Yet the focus quickly shifted from academics to financial aid. Time must be taken to commend Sen. Rubio actually studying what other student governments in the Pac-10 do. I only wish that while he was reading ASUO’s scholarship policy, he was also noticing their multi-party student elections, the ones with 86 (!) candidates; or that he had noticed ASUC-Berkeley’s system of institutionalizing political parties [PDF] in his research on their scholarships. As a broader point, it would be nice to see the next class of ASUA learn far more about their peers in the Pac-10 and elsewhere than they seem to currently.

If it is financial aid that we are concerned with, then there is quite a simple remedy – abolish the Diversity Emphasis Requirement, and reduce the credits required to graduate down to 117 units. With credit hour costs of $276 (in-state) and $767 (out-of-state), knocking off this requirement would literally save students hundreds, if not thousands, of dollars, far more than the currently proposed $200 scholarship for one student. Somehow, I suspect that this will never come up as an actual alternative.

3. Stipend Stand-Off. Well, not yet, anyways – today’s proposed stipend changes were only informational. Yet as ex officio Senator Seastone put it, stipends are only second to the elections code in their controversial nature. The complete list will be uploaded as soon as your author can get over to a scanner, but the major changes are as follows:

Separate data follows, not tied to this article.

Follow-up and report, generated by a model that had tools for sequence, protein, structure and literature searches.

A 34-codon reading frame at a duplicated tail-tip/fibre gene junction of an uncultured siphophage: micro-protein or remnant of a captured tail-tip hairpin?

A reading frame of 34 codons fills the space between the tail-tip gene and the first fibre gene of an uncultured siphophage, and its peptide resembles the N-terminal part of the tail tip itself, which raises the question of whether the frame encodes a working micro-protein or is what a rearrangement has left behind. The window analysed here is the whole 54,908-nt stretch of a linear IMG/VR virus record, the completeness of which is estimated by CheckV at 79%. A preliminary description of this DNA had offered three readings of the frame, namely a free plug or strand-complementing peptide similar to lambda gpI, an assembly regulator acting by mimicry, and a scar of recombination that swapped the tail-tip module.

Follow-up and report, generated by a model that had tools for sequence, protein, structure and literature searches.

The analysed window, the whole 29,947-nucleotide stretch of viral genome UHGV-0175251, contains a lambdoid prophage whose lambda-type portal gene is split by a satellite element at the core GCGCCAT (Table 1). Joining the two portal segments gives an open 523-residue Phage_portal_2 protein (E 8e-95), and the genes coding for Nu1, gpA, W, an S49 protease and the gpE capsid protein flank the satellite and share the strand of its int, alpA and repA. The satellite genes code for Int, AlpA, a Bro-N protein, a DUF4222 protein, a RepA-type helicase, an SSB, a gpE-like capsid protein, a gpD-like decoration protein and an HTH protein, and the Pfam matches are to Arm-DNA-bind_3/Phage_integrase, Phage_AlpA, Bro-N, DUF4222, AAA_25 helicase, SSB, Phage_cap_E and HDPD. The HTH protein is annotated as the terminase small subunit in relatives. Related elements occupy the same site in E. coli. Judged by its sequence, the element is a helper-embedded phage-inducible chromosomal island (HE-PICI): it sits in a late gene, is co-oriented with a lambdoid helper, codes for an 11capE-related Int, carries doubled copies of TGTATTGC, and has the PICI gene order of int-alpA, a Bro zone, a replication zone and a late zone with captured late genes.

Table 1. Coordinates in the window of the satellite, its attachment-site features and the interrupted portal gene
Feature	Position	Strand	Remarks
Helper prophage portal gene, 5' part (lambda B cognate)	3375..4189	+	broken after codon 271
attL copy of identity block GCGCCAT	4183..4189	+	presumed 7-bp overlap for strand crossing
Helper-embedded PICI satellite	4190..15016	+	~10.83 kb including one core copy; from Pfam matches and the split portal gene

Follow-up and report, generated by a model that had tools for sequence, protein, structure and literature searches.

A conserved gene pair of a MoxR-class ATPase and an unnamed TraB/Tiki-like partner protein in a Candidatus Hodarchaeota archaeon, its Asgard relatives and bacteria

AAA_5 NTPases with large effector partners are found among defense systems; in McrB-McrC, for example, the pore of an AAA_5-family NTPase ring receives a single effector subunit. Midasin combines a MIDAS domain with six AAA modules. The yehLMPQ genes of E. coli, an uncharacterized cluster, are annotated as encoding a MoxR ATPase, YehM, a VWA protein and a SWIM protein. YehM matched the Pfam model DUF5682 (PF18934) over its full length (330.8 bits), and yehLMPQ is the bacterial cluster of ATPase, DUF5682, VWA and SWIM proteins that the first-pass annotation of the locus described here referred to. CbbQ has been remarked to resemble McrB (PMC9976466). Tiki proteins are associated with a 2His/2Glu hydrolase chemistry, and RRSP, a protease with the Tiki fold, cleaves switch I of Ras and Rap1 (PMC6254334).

-$2,000 stipend created for the new executive marketing director.

-$1,000 pay raise for the treasurer.

-Elimination of two club advocates, putting the total number at five.

-The implementation of $100 stipends for the seven members of the Club Standards Board

-In a hilariously punitive measure, 50 percent pay cuts, totaling $1,500, for the Elections Commissioner and Deputy Commissioner.

The overall effect is minor, and results in a .01 percent increase in the salary. Right now, the reasons for these changes are coded – A, B, C, D, or the ever-mysterious *; presumably, these will be fleshed out at next weeks meeting. You also have to appreciate this, from the introduction to the proposal: